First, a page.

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international film makers. the first effectively in 1999 was due to take place, but it was postponed are. >> we knew it would be the right thing to do to fight for dignity. we needed something humane and that was a creative and cultural action. we weren't the only ones who did that in some parts of the war. >> nine day festival which is much mean regional even. >> brad and i said the first time we came, it was the best festival we ever have been to, people are here to share, to be with each other, to be together, to make art. >> the energy and the enthusiasm that is in this city is second to none. >> it has a lot of growth
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potential just because it's sarajevo. >> launched the career of many balkan film makers. >> a high quality, strong industry which helps developing cinenmatography, in bosnia and across the region. talent sarajevo gives practical work and allows them to get to know one another. >> more than 100,000 people are expected to visit the festival. it's rapid growth is oven matched. tim friend, al jazeera. >> don't forget, you can watch al jazeera online, address is video on demand including live blogs from our reporters on the ground. check it out. that's it, i will be back with a full roundup of the day's news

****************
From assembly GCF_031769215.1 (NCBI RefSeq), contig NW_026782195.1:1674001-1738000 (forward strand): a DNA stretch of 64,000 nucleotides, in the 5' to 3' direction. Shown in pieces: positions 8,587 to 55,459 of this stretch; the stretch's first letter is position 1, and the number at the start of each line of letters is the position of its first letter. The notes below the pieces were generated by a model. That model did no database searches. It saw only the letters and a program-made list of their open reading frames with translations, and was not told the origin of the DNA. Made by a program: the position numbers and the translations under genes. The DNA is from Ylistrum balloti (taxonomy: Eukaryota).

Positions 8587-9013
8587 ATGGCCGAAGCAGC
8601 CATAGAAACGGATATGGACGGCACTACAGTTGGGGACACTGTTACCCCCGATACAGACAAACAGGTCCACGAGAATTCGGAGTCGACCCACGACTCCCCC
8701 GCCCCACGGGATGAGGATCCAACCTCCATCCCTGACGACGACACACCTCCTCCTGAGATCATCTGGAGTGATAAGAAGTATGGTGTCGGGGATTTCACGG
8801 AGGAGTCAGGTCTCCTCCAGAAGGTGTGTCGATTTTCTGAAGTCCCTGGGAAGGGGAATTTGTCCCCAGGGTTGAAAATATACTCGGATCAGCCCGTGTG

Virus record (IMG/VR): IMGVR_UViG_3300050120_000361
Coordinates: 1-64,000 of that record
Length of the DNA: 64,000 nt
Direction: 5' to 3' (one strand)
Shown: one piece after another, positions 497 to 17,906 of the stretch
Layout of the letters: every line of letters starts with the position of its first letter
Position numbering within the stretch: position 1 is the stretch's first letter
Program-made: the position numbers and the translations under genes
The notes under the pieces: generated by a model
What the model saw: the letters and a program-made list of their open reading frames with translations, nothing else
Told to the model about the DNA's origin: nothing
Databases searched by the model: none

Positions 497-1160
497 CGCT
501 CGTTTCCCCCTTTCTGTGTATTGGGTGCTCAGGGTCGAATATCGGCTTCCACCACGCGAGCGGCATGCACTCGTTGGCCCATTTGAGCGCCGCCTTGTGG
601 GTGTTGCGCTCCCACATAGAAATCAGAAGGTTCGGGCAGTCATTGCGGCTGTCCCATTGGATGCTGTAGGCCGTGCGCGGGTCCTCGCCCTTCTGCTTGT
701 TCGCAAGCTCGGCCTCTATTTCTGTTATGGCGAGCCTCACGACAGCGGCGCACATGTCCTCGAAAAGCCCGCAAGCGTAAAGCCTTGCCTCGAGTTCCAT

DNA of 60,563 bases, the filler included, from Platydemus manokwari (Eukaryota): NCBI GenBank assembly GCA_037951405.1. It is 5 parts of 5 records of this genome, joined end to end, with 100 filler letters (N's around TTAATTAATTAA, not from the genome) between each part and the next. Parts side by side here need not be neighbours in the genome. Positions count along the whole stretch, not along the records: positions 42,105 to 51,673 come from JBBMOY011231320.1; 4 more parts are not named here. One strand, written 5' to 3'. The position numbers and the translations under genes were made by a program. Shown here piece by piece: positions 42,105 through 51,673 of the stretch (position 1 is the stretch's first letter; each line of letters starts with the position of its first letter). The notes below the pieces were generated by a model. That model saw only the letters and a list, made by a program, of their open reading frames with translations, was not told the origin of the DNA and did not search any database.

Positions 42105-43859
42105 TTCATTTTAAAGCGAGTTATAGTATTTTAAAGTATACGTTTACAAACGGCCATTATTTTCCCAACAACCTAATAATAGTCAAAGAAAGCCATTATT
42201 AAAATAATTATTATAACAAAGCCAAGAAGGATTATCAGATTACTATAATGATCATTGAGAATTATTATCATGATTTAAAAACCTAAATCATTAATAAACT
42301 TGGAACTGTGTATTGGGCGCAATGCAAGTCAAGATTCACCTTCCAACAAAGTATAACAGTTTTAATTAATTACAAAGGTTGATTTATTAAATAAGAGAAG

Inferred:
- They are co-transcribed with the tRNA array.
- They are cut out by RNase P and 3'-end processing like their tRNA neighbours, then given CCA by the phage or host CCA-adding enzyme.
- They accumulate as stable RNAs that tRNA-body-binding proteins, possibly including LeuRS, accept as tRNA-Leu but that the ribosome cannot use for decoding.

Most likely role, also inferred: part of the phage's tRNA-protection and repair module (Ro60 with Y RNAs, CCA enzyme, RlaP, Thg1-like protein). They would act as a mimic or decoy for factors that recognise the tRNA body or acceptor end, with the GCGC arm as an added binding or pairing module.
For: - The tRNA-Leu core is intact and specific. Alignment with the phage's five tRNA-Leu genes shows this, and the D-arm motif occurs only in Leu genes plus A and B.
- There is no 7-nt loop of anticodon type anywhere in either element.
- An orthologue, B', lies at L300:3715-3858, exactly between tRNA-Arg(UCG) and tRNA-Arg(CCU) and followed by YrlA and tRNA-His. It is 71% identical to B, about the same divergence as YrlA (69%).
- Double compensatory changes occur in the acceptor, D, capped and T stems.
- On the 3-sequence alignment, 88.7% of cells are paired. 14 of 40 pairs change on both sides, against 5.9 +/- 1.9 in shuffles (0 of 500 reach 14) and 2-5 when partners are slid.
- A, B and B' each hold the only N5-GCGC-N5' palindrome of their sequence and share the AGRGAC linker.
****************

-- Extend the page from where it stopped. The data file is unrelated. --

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in just a few moments. stay with us.
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>> a new business is rising in america's rocky mountain west. and sales promise to be brisk. >> i want to get $100 bucks dj shorts and $100 bucks of the tahoe. >> this past january, licensed shops in colorado began selling recreational marijuana to anyone 21 years of age or older. >> whoo that smells nice >> prices range from $14 to $25 a gram. >> what's the difference between the ultimate. i need the kemba and the kemba